One of advertising's most famous pieces of work 'Hill Top' from Cola-Cola has had a resurgence in recent weeks due to its involvement in the finale of long-running drama, Mad Men. Doug Zanger explored the real story about the making of the advert.
Not sure we saw it coming in the Mad Men finale recently. Or, perhaps we did. Don Draper may or may not have come up with the iconic 'Buy The World A Coke' ad (he actually didn’t, but that takes away some of the shine, doesn’t it?) — but there is no question that this one spot, entitled 'Hilltop, occupies an important place in the hearts and minds of not just consumers, but professionals in the industry as well.
When we asked marketing professionals to tell us what they thought was the greatest song in advertising history, this song, and spot, came up over and over.
“For me, my reaction is — what are those spots that I can remember because of that music connection that has left an impression over the years,” noted Tom Poleman, president of national programming platforms at iHeartRadio, “and I immediately went to ‘I’d Like To Teach The World To Sing’.”
The song itself actually started as the 'I’d Like To Buy The World A Coke' jingle and was intended to convey a sense of community and togetherness.
“Standing on a hilltop in Italy and each holding a Coke,” says Bob Bejan, North America vice-president for sales and marketing of Microsoft, “they sang without irony about a wish for global harmony, peace and a deep emotional connection with other human beings.”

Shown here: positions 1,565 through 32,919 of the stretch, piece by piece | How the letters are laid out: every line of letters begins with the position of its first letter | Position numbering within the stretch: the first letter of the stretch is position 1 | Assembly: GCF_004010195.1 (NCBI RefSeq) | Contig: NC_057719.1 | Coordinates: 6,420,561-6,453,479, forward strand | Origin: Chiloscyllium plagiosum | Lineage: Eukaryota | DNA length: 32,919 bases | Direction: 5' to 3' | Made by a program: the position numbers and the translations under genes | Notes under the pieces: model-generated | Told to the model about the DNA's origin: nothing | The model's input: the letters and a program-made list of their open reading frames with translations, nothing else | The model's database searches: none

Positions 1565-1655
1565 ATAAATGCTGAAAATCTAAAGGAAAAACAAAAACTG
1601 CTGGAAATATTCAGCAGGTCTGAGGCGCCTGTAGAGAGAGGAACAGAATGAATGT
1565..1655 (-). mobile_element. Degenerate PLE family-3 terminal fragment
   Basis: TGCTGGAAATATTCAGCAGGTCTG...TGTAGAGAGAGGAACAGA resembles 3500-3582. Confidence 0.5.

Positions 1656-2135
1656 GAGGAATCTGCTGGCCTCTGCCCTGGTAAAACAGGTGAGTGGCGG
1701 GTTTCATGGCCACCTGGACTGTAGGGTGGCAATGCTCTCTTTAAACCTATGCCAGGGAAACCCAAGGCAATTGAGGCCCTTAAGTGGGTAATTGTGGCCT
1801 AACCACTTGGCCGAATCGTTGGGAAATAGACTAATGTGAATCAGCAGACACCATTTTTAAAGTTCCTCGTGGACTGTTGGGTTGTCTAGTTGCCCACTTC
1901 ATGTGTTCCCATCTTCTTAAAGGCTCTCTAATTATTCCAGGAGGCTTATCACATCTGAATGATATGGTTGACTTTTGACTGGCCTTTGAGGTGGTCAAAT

Jeff York, group creative director at Intermark, concurred. “(It) perfectly captured the zeitgeist of the time period and brotherly love, the youth movement and more.”
What started moving the ad into the national (and international culture) was the fact that radio stations began getting calls from people who liked it. Billy Davis, a songwriter and one of the McCann-Erickson team members responsible for the song and campaign was told from some of his radio friends, that it might be a good idea to record the actual song.
It was rewritten, taking out the brand references and adding three verses, and was quickly recorded by The Hillside Singers and then, when more time was available, by The New Seekers. The latter version of “I’d Like To Teach The World To Sing (In Perfect Harmony)” was #1 in the UK and #7 in the US in 1971 and 1972. It eventually sold 12 million copies of the song and cemented the song as successful both culturally and commercially.
“It became a pop culture moment,” said Poleman. “It spoke to what America was thinking at that time. I was a kid at the time and it was more than a commercial.”
Ted Ryan, Coca Cola’s historian, concurred.
“The brand is that moment of optimism, that moment of happiness and those kids on the hill singing in the middle of Vietnam, during racial strife with protests on campuses, with that simple message of hope and a simple message of unity.”
Much has been chronicled and documented about the spot and its history. But there were plenty of interesting nuggets that continue to paint the picture of the song, the spot itself, what happened behind the scenes and what ultimately, aside from branding and sales, became of some of the players in the story.